Inspiration is Better Than Motivation

If you are working on something that you really care about, you don’t have to be pushed. The vision pulls you.

Steve Jobs

I agree with this statement wholeheartedly. I’d like to share my recent walking experience with you because it’s a physical metaphor for this statement…

The woods at Stanmer Park, Brighton

I was out walking in the woods. I noticed that when I held my head up with my gaze straight ahead, seeing as far along the path as I could, the walking was easy. Conversely, when I focused on the ground about twenty metres in front of me to make sure I didn’t trip, the walking felt harder.

Gazing into the distance softened my vision to the immediate environment and I didn’t trip. My feet knew what to do. It was up to me to trust them and let them get on with it. This made the walk more pleasurable; I could drink in the smells, sounds, colours and the feel of my body moving through the cold air that stung my cheeks and ears.

If you’re a survivor of adverse childhood effects, then you’ll know it’s often hard to trust your body. This is why so many survivors have trouble with proprioception – your body’s ability to perceive its own position in space – and interoception – understanding and feeling what’s going on inside your body. It’s taken me years of focused practice to begin to trust my body and to feel and enjoy the sensations of physical activities. I was able to do it because my desire to be at home in my body was inspiring me or, in the words of Steve Jobs, pulling me forward.

The walking metaphor translates to my vision for my coaching practice, which is:

I have given excellent service to 1,500 survivors of adverse effects who are now free from old ways of being that no longer serve them and live from their values, purpose and integrity, creating their highest visions of success in their lives.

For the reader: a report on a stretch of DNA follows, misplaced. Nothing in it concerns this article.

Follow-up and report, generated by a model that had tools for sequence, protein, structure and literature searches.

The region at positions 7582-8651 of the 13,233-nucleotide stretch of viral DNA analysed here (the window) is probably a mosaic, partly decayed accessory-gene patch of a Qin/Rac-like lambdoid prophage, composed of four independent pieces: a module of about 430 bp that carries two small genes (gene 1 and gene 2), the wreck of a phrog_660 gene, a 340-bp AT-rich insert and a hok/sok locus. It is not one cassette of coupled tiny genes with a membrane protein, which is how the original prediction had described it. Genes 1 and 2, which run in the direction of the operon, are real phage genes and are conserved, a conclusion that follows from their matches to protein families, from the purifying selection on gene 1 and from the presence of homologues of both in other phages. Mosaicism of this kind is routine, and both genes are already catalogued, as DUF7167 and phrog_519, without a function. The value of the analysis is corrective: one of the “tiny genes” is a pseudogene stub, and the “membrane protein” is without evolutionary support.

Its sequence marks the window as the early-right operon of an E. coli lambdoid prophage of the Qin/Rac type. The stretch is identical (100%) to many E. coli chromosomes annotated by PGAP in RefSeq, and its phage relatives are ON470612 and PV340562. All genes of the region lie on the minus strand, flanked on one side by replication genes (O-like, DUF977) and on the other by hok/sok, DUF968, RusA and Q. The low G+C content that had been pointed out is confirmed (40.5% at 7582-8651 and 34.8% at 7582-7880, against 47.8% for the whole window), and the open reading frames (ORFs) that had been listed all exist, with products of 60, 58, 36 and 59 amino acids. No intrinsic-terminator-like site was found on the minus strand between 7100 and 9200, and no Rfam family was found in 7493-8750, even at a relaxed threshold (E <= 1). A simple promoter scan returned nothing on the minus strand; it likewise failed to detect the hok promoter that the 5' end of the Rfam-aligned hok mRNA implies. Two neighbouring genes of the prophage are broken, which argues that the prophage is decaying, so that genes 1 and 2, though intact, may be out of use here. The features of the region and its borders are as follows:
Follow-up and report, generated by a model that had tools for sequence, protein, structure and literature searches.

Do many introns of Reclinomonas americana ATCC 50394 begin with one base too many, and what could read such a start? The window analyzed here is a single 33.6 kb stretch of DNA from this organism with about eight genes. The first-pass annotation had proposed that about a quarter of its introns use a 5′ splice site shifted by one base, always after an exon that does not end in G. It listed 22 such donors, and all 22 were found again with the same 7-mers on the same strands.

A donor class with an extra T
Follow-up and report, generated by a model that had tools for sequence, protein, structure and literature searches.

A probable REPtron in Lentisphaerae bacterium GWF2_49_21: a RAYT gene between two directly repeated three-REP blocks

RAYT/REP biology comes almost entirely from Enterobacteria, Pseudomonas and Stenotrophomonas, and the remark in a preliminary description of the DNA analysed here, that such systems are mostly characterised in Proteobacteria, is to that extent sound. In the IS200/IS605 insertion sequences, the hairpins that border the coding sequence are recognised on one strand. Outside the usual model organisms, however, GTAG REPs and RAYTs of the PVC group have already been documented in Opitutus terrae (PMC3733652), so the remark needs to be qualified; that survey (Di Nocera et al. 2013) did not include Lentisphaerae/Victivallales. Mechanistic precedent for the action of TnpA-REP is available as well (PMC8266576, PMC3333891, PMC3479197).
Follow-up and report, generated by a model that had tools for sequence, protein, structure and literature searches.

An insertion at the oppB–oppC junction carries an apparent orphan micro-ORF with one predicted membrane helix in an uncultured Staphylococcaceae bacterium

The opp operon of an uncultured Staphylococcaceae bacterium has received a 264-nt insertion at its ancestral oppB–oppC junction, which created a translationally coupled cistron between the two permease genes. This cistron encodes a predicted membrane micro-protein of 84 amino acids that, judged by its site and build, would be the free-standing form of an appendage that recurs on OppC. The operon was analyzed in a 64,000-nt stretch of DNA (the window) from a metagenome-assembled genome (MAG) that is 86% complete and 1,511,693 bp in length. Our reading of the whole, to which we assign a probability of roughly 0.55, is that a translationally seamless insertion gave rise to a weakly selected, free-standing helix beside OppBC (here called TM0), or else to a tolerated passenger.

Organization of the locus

by 25 December 2025

This vision pulls me forward and I find myself taking actions, like writing three blog posts in one morning when usually I have to motivate myself to turn up at the blank page (even though writing usually flows once I start). Motivation is great, but inspiration is better. There is flow, excitement, passion, love, and fun in inspiration.

I have, this week, set up a Facebook community group for survivors called The Community for Survivors to Shine. This action was inspired, rather than motivated. I think of this group as something to be nurtured and it gives me such pleasure to think about and discover content to share in it that will inspire the community. Do join us – click the link above πŸ™‚

Do you have a vision that pulls you?

Do share in the comments πŸ™‚

Want some support with your vision?

Check out my coaching programs. I’m here for you!

Overcoming irrational fear in climbing

In January 2018 I was experiencing deep frustration at the fear that was paralysing me when I went to climb. Climbing was one of my passions and had been for about a year, yet when I went near the wall I felt crippling fear. I wondered whether my fear was related to the effects of trauma that pop up in my life, so I decided to research trauma and recovery, and set myself experiments to overcome fear. I recorded my journey in a series of blog posts, in case anyone else was going through the same thing as me. I thought I’d share links to those posts here because the sports psychology I used in my experiments might be useful to you. Here they are:

  • Part 1 β€“ noticing habits and delaying acting on negative self-talk
  • Part 2 β€“ how trauma affects the brain and how embodied mindfulness can aid recovery (if you can feel your feet!)
  • Part 3 β€“ going slowly and gently is kinder than rushing full steam ahead
  • Part 4 β€“ teaching beginners to boulder, dissociation (and how it’s not helpful in climbing), and how training plans can relieve anxiety
  • Part 5 β€“ breathing to overcome fear, personal learning styles, and practising falling
  • Part 6 β€“ Putting a learning style into practice and is a comfort zone actually comforting?
  • Part 7 β€“ Questioning beliefs and does regular climbing normalise the activity and remove the fear?

Four months after completing that series I began a new journey as a Climbing Instructor at an indoor wall.